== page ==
HAROLD OSMOND HARDING
1925 - 1942
Most families have a wartime loss to remember.
Harold was the eldest son of Harold Harding Senior and Florence Ellen Harding (nee Tildesley). He was born 27th October 1925 at Prince Street, Pleck, Walsall and was Christened at St. John's Church, Pleck.
There were eight children in all: elder sister Joyce, then brothers Stanley, Brian, Philip, Kenneth, youngest sister Enid and youngest brother Barry. Our family lived in Gower Street, Pleck, from about 1930 till the early 50s.
But the night always ended playing the same game, "British Bulldog". A simple game. All the scouts stood at one end of the hall except one scout who was chosen to stand in the middle of the room. The Scout Master would shout "British Bulldog" and all the scouts ran to the other end. The scout in the middle had to catch one of them and lift him clear of the floor and then there were two chaps in the middle of the room. They had to try to catch others on the second and later "runs". Very soon the middle group grew, until only one scout was left to "run" the hall. This scout was "Opple" on numerous occasions. No one could go home until this was over and Harold tended to always make it extra time.
Harold left school at 14 and started work at Walker Brothers, Pleck Road, where he operated a hand press. He stayed for about 12 months when he went to work for Martin Winn, circa 1940-41.
Harold, aged about 14 or 15 years, photographed at a Martin Winn's works outing to Bridgnorth, circa 1939-41. Harold is third from the left.
In May 1942, Harold joined the Merchant Navy. My Auntie Joyce told us that Harold's last words to his mom were "Well I'm off now mom, if I don't come back .... don't worry... I'll be ok."
Documents show that Harold was to be paid �5 per month as a merchant seaman and of this he was allocating �4 per month to my grandmother, to help support the family.
Harold left Great Britain on 18th September 1942 and on the 19th September joined Convoy ONS 134, bound for Halifax Nova Scotia, duly arriving in Halifax on the 7th October.
Twenty days later, on October 27th, Harold's 17th birthday, Harold and SS Hartington left Halifax and took up position 73 in Convoy SC 107, laden with urgent supplies, destined for the United Kingdom. There were 42 ships in the convoy.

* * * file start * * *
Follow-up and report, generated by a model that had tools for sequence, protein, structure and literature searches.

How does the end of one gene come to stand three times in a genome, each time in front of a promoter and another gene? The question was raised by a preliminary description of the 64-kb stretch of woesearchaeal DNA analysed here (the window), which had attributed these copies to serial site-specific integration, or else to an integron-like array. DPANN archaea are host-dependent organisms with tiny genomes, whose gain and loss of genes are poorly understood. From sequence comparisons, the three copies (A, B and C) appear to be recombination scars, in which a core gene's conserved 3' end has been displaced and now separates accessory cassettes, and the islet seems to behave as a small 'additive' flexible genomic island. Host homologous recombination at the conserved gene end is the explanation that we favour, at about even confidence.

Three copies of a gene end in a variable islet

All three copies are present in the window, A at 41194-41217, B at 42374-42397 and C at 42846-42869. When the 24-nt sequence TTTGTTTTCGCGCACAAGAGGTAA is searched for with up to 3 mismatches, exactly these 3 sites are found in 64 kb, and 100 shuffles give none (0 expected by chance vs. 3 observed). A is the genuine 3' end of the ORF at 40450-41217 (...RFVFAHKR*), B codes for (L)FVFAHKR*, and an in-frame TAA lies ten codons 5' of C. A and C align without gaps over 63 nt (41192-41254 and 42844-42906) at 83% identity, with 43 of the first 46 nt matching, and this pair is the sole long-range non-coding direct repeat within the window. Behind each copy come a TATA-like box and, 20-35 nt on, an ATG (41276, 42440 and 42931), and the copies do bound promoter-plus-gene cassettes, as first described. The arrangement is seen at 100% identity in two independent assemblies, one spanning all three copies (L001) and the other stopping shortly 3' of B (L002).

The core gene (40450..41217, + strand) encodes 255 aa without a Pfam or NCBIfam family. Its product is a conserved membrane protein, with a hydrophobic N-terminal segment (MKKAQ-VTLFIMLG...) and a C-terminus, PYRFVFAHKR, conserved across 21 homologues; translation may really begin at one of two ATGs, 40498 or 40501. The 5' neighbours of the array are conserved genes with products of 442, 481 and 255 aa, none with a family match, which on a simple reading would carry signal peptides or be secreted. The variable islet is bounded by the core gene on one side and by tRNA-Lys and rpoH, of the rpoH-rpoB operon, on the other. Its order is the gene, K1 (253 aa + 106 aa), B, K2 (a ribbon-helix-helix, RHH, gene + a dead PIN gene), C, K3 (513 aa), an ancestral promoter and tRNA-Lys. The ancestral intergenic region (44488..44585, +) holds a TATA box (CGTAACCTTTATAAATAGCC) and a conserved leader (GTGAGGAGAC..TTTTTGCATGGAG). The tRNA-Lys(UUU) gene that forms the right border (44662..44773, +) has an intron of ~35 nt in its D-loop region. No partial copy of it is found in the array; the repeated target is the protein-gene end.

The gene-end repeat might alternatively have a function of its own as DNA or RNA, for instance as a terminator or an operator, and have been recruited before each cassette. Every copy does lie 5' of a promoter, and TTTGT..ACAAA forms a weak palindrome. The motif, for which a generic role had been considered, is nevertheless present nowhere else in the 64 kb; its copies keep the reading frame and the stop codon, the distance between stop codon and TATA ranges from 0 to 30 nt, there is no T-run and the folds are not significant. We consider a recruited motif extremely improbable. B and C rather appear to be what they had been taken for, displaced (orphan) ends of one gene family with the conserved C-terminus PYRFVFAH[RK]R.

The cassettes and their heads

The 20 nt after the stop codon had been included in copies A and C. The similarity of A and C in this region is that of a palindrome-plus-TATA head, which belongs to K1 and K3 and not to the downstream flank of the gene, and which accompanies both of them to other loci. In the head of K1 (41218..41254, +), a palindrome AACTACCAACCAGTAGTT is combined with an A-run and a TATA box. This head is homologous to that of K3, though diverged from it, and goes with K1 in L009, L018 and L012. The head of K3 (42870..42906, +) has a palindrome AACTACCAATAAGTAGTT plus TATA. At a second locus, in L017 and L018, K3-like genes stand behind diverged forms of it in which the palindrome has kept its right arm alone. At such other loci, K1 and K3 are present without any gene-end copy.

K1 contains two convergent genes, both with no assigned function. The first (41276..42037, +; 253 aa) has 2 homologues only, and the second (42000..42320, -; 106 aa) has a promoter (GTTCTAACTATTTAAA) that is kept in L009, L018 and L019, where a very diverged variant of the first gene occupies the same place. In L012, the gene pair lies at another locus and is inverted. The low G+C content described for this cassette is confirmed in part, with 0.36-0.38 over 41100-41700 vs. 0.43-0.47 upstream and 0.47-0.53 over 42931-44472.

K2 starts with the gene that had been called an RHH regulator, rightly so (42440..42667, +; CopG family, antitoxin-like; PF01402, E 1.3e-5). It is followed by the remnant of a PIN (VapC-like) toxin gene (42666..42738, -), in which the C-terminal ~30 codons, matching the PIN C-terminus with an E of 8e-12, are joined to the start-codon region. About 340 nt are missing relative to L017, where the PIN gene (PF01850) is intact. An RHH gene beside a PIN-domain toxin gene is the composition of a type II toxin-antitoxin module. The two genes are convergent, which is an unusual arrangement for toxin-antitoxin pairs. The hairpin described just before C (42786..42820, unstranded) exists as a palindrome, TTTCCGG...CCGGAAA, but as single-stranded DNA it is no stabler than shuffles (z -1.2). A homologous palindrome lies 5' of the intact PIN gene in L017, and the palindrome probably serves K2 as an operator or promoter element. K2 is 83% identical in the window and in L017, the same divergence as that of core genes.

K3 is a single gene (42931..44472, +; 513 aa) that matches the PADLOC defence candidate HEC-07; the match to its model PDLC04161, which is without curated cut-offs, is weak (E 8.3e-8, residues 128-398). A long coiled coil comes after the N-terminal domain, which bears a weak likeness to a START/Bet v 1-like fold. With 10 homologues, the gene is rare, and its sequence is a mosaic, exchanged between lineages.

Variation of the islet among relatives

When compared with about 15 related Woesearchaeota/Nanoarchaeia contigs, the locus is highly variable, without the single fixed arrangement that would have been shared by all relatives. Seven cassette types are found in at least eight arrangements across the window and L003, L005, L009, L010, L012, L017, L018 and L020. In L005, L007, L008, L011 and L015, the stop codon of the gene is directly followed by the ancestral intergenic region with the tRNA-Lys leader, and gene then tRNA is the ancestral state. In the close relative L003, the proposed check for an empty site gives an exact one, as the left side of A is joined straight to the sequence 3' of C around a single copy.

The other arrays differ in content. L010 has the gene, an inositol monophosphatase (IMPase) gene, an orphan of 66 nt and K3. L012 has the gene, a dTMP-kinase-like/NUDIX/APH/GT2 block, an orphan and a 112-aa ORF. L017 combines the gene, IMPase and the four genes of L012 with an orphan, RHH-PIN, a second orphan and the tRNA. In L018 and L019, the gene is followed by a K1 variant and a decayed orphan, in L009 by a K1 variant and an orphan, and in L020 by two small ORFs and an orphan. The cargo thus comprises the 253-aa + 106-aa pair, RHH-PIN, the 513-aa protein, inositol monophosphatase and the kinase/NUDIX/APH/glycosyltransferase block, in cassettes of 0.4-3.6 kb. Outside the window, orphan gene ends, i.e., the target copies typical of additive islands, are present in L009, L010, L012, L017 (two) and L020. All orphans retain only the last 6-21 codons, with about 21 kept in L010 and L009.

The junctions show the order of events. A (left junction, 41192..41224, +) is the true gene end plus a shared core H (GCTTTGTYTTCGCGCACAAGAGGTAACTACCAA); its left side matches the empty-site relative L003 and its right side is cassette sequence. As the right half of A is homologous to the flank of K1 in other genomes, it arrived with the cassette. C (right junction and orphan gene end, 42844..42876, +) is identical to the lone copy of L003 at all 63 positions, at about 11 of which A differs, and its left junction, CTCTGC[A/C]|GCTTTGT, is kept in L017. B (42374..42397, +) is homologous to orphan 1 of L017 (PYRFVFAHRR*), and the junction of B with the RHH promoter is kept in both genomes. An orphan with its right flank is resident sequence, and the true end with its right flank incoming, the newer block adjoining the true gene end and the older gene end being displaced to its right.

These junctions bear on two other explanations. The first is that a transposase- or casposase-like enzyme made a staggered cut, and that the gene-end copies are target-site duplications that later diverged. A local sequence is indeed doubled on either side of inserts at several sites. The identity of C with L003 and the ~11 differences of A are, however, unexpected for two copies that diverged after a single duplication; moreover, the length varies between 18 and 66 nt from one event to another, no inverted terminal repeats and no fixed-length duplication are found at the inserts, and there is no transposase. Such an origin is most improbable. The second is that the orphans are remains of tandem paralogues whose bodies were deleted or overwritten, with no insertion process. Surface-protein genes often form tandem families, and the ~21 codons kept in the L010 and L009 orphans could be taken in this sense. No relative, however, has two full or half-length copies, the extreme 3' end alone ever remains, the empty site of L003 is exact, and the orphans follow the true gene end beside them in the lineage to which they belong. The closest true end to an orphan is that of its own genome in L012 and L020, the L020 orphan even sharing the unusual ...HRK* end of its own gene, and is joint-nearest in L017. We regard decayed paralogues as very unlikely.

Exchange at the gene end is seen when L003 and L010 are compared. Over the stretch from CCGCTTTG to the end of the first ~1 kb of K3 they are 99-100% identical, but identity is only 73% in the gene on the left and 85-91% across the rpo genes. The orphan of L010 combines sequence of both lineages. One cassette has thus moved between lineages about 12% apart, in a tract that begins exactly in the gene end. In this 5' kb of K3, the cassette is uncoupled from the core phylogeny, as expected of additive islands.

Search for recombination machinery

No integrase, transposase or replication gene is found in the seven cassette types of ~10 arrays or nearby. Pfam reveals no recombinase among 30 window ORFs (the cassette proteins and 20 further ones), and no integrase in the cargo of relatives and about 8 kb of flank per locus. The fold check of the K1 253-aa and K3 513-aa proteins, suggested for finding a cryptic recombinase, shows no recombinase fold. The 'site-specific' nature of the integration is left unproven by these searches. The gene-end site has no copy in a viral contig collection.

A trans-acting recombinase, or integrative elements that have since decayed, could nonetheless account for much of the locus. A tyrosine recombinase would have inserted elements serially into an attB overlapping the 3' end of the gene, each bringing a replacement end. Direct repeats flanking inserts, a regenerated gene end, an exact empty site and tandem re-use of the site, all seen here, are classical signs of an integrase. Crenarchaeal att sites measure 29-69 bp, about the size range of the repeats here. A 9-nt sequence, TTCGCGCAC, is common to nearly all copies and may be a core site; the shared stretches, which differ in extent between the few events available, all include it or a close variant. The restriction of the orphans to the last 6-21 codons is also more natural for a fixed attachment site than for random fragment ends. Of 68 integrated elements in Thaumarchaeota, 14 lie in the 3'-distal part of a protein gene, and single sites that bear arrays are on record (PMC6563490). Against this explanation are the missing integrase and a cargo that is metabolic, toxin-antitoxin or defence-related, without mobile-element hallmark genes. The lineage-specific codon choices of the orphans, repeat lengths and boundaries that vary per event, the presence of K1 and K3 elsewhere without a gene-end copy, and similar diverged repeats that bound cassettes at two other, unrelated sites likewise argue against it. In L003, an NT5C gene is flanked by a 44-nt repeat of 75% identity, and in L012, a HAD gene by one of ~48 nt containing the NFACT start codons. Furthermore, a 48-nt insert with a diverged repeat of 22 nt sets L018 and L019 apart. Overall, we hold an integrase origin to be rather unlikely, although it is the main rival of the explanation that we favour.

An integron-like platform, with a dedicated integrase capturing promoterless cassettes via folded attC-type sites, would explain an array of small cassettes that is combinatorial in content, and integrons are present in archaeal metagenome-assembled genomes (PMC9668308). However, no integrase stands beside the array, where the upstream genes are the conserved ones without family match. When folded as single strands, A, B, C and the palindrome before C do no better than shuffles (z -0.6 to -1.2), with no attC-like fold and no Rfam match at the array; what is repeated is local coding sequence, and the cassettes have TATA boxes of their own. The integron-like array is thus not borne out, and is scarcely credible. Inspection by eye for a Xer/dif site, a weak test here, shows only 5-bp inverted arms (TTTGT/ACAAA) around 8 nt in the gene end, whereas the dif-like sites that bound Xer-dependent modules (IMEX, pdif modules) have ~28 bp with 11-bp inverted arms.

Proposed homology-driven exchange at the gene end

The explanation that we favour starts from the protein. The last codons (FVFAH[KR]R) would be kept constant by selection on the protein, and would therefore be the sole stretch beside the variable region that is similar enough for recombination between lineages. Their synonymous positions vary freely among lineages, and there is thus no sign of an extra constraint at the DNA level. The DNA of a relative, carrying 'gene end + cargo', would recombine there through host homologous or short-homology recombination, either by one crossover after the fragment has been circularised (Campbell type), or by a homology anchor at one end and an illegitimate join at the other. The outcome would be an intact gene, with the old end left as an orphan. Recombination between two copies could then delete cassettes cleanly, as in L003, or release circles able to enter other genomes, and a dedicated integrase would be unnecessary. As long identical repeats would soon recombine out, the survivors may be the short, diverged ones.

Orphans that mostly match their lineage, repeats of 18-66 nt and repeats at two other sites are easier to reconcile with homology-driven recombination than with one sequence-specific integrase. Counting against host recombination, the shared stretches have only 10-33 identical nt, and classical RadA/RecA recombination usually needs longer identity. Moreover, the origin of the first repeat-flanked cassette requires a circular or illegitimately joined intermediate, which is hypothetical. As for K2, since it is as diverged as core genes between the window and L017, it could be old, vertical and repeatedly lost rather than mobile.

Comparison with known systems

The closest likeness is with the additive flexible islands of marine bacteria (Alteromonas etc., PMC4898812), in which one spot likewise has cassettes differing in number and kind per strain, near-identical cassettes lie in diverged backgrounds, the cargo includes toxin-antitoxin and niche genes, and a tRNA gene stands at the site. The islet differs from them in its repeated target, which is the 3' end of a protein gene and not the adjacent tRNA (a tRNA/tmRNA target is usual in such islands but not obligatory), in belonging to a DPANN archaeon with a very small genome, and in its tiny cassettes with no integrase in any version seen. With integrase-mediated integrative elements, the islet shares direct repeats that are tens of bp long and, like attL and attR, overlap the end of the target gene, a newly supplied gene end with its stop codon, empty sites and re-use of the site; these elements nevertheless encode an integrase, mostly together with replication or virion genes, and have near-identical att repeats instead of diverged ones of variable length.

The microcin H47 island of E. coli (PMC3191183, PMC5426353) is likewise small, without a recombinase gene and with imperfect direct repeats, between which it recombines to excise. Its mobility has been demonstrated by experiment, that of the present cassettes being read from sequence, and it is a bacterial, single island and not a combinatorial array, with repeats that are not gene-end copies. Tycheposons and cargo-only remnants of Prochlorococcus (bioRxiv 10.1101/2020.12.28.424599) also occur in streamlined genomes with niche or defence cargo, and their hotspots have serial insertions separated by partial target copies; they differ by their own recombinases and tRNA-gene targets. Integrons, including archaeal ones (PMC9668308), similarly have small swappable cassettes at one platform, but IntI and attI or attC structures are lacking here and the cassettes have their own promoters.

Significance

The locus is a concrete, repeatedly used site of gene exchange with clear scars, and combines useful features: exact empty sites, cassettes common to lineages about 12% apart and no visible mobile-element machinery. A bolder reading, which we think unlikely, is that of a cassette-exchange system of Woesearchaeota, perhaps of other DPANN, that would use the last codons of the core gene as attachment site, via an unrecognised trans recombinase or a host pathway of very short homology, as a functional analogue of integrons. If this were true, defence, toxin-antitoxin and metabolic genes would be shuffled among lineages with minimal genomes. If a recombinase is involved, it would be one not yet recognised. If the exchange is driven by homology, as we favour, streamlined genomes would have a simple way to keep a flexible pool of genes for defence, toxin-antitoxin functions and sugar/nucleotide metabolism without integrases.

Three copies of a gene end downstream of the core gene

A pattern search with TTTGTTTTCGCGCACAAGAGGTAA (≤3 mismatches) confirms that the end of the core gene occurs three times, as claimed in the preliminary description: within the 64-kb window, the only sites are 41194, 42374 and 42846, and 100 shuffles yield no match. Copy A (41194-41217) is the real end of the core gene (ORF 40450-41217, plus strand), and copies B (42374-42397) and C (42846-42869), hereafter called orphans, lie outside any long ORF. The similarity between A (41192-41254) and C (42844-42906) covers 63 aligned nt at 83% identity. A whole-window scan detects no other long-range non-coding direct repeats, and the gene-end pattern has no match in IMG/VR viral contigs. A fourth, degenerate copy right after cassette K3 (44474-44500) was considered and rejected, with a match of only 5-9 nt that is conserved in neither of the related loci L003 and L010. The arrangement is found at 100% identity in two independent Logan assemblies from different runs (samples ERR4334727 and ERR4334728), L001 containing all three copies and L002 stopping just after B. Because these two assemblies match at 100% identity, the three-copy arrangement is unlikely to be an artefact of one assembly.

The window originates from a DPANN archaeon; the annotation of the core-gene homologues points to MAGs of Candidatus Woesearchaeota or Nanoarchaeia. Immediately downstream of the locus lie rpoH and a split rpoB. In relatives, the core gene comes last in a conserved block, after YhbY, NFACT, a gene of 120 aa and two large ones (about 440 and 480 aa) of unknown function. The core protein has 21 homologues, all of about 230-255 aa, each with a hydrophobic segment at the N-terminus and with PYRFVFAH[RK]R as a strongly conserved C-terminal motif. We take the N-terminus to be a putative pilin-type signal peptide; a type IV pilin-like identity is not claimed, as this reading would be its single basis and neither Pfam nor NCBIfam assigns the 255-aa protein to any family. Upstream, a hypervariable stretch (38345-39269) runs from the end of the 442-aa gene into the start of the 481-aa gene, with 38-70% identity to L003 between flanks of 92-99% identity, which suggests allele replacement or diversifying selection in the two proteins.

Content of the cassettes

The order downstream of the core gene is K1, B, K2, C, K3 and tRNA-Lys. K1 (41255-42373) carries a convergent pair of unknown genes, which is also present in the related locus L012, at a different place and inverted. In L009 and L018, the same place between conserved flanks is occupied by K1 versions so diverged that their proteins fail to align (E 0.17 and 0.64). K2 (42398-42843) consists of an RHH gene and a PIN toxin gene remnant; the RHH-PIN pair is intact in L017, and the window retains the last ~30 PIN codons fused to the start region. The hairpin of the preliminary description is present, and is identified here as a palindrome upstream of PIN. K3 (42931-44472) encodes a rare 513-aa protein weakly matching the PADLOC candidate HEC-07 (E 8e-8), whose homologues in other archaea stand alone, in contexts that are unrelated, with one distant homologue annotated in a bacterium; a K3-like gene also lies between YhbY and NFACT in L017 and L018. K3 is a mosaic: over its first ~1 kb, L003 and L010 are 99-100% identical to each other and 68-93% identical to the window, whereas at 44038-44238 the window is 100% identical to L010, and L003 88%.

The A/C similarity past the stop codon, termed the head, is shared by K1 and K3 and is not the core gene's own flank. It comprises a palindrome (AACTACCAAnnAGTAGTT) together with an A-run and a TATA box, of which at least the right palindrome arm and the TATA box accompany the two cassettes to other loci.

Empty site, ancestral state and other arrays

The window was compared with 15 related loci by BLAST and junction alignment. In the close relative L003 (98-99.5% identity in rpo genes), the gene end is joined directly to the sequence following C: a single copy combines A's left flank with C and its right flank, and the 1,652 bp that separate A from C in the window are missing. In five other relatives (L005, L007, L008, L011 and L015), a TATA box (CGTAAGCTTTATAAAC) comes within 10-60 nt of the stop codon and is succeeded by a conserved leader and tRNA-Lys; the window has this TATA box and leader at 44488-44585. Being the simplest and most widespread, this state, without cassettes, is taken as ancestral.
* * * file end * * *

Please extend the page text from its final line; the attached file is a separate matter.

On the night of November 2nd 1942, SS Hartington was the fourth ship to be torpedoed by enemy action at 4am GMT. A total of 15 ships were sunk from Convoy SC 107, as a result of enemy action.
SS Hartington sank 20 minutes after being torpedoed. She dispatched two lifeboats, which stayed together until the following afternoon, when they were separated by severe weather conditions. One of the lifeboats was picked up 10 days later, with all survivors but one, by a destroyer on her way back to St Johns, Newfoundland. She was going to re-fuel as she had missed her convoy, so it was by pure luck she had sighted the lifeboat on her journey.
Harold and his shipmates in the other lifeboat were never heard of again.
SS Hartington rests at position 52D 30M North and 45D 30M West in the North Atlantic.
Harold is officially commemorated on the Tower Hill Memorial to men of the Merchant Navy and Fishing Fleets who died in both World Wars and who have no known grave.
Any help with information regarding the group photos would be most appreciated and gratefully received. We would, for example, like to know the names of the people on the group photo. And we suspect that the photo of Harold at 16 was part of a group photo from his "passing out" on Vindatrix - over his left shoulder you can see a Merchant Navy badge on the person behind. Can anyone help further?
Please get in touch with Phillip Harding, 66 Darlaston Lane.
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